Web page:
Indigenous water walkers and Haudenosaunee Development Institute urge Hamilton to listen amid sewage spill

When Kristen Villebrun learned that the City of Hamilton had recently discovered sewage had been flowing into the harbor for 26 years, she was upset.

Villebrun said she and other water walkers have been complaining about sewage in the water for years.

“I’m sick of talking and it’s falling on deaf ears,” said Villebrun, an Anishinaabe woman also known as Wassode nibi kwe (woman of shining water).

Water walkers are members of the indigenous community who lead walks along the water and pray for its health.

Villebrun has already led demonstrations on the local water conditions like Chedoke Creek – where 24 billion liters of sewage leaked between 2014 and 2018 – but said it was never taken seriously.

Now, she said she hopes the city will listen to her and others to prevent this from happening again.

WATCH: City discovers 26-year-old sewer leak

City of Hamilton discovers 26-year-old sewage leak in Hamilton Harbor

The City of Hamilton says it has discovered sewage flowing into Hamilton Harbor since 1996 due to a hole in a combined industrial sewer line.

The city discovered the leak in late November near Wentworth Street North and Burlington Street East.

He said he believes 337 million liters of wastewater sank in the harbor from 1996 until they noticed a design flaw in the sewer line and fixed it.

City spokeswoman Emily Trotta told CBC Hamilton the city has contacted Mississaugas of Credit First Nation, Six Nations of the Grand River, Haudenosaunee Confederacy Chiefs Council and Huron Wendat Nation by phone and by email after discovering the spill.

But Villebrun and other local and urban indigenous leaders have had a difficult relationship with the municipality.

“We have this [faulty sewer] pipe, how many more are there? And what steps will be taken to investigate further and how will the Haudenosaunee participate in this process? said Aaron Detlor, an attorney with the Haudenosaunee Development Institute (HDI).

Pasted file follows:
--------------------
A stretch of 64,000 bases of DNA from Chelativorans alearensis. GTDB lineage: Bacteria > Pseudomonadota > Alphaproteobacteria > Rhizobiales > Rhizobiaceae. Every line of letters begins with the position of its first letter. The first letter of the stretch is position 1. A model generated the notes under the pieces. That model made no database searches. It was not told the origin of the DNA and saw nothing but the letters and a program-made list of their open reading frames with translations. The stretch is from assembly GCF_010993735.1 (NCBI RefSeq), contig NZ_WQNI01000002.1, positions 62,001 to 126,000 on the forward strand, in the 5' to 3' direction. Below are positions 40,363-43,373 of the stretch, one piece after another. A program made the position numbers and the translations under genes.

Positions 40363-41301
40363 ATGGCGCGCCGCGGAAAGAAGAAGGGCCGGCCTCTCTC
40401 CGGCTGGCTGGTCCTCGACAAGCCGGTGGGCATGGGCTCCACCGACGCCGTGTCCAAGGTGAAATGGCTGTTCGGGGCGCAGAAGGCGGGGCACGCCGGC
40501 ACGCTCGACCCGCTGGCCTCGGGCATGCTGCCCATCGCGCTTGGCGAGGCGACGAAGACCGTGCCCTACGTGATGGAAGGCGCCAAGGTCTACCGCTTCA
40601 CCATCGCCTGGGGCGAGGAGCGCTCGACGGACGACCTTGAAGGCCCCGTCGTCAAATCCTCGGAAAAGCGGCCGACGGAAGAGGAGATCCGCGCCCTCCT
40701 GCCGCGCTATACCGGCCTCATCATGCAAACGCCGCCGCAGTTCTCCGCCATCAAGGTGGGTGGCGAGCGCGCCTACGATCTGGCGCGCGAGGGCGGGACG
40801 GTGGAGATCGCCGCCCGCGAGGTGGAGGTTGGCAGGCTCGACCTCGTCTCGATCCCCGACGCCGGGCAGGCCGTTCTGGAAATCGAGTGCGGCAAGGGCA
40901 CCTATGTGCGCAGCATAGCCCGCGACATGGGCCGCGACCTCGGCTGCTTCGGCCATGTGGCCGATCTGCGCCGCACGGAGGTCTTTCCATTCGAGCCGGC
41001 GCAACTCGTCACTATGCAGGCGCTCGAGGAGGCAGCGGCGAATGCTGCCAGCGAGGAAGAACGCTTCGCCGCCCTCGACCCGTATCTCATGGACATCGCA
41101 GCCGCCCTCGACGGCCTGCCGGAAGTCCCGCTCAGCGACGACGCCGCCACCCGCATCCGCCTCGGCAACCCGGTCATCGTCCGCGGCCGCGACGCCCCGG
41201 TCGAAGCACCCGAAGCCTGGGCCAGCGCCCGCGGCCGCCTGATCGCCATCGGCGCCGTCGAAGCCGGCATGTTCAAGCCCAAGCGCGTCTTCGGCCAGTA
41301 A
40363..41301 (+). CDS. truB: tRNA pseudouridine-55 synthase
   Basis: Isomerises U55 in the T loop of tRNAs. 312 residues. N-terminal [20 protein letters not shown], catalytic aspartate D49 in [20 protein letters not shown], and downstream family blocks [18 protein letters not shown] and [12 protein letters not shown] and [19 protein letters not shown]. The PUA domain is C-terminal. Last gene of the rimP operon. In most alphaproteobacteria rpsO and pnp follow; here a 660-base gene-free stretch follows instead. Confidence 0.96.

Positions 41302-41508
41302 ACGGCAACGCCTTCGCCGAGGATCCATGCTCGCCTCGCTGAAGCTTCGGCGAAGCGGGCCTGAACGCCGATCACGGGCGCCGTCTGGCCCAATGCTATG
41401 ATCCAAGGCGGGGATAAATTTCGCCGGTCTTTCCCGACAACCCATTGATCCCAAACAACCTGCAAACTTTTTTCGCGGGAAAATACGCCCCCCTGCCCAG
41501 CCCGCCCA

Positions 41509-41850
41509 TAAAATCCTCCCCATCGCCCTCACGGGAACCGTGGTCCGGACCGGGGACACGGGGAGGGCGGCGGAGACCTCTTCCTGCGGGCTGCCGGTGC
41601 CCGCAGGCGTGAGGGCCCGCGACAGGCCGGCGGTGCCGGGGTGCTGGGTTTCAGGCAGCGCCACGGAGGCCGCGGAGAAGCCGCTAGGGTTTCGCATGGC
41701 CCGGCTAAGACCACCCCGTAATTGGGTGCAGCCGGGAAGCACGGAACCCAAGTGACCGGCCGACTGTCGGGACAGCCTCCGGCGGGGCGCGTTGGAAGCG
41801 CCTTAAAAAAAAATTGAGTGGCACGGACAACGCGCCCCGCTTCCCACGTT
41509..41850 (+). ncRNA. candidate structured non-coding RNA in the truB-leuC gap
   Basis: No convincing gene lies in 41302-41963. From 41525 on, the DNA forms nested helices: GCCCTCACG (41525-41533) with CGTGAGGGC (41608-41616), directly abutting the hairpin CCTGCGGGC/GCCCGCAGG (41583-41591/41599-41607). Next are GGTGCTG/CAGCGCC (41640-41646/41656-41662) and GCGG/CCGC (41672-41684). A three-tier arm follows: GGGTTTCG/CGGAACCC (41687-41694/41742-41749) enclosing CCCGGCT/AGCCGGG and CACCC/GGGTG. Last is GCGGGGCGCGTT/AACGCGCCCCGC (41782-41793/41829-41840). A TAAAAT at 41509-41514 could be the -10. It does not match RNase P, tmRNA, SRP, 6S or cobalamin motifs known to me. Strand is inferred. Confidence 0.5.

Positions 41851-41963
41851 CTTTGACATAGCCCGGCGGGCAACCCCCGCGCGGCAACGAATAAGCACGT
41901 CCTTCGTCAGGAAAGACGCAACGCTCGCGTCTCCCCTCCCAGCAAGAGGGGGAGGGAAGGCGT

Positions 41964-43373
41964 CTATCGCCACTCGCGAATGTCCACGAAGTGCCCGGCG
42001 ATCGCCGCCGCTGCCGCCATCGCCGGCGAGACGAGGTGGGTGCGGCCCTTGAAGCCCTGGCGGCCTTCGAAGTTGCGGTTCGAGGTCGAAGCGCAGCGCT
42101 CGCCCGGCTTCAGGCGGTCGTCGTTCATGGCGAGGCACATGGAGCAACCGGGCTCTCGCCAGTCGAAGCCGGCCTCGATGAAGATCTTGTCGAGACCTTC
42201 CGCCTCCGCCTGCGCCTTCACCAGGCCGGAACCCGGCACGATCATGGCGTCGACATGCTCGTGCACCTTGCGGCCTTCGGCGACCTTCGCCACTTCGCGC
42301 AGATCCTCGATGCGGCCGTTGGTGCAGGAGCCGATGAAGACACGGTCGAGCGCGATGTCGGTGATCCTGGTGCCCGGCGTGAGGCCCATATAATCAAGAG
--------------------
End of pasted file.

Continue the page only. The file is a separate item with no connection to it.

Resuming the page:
A man stands on a bridge over water
Aaron Detlor said the City of Hamilton needs to consult with Haudenosaunee leaders on how to care for Chedoke Creek and the harbor. (Bobby Hristova/CBC)

Detlor and HDI tried to convince the city to consult with them to clean up the billions of gallons of sewage that poured into Chedoke Creek.

Talks did not progress, leading the city to suspend efforts to clean up the water.

The City must “close the gap” with its Aboriginal partners: a councilor

Trotta said how HDI and water walkers might be involved in a harbor cleanup “is not yet determined” and the city is still trying to figure out how or if they can clean up the spill.

“If a project is planned, a consultation would take place within the framework of this project,” she wrote.

Gary Wheeler, spokesman for the province’s environment department, told CBC Hamilton the department has not yet ordered the city to undertake cleanup “as the scope is still being defined. “.

Trotta also acknowledged how water walkers raised issues about Chedoke Creek as early as 2015 and said the city could have handled communication about it better.

“That said, a lot of work was done to verify our infrastructure in 2015, and new studies were initiated as a result (which later turned into program changes, such as the expansion of our tailings dam program) “, she said, referring to the program that monitors “debris accumulations” at sewage outlets.

“Unfortunately there was no indication reported by Hamilton Water staff in 2015 of the discharge taking place at the Main/King [combined sewer overflows] tank,” she says.

She also said the participation of water walkers in the upcoming discussions was “welcome”.

People wearing hard hats and safety vests stand around a hole in the road as a machine drives a tube through it.
The city said it expects the province to issue an order to clean up the sewage that spilled into Lake Ontario. (Aicha Smith-Belghaba/CBC)

District 2 Com. Cameron Kroetsch told a Dec. 2 General Issues Committee meeting that the city needs to “close the gap” with Indigenous communities.

City Manager Janette Smith responded by saying there was an urban Indigenous office and strategy, but “we’re not making as much progress as we would like”.

“Part of it is, as we work and understand better and listen a lot, to move forward on this strategy, we’re not going to rush to tick a box that it’s done,” she said, adding that the city needs more staff for its urban aboriginal office.

Eleven city councilors met with several urban Indigenous community leaders on Monday to discuss a range of issues and how to move forward with better collaboration between the city and Indigenous partners here.

Villebrun said she wanted to see action next.

“We have to do better,” she said.

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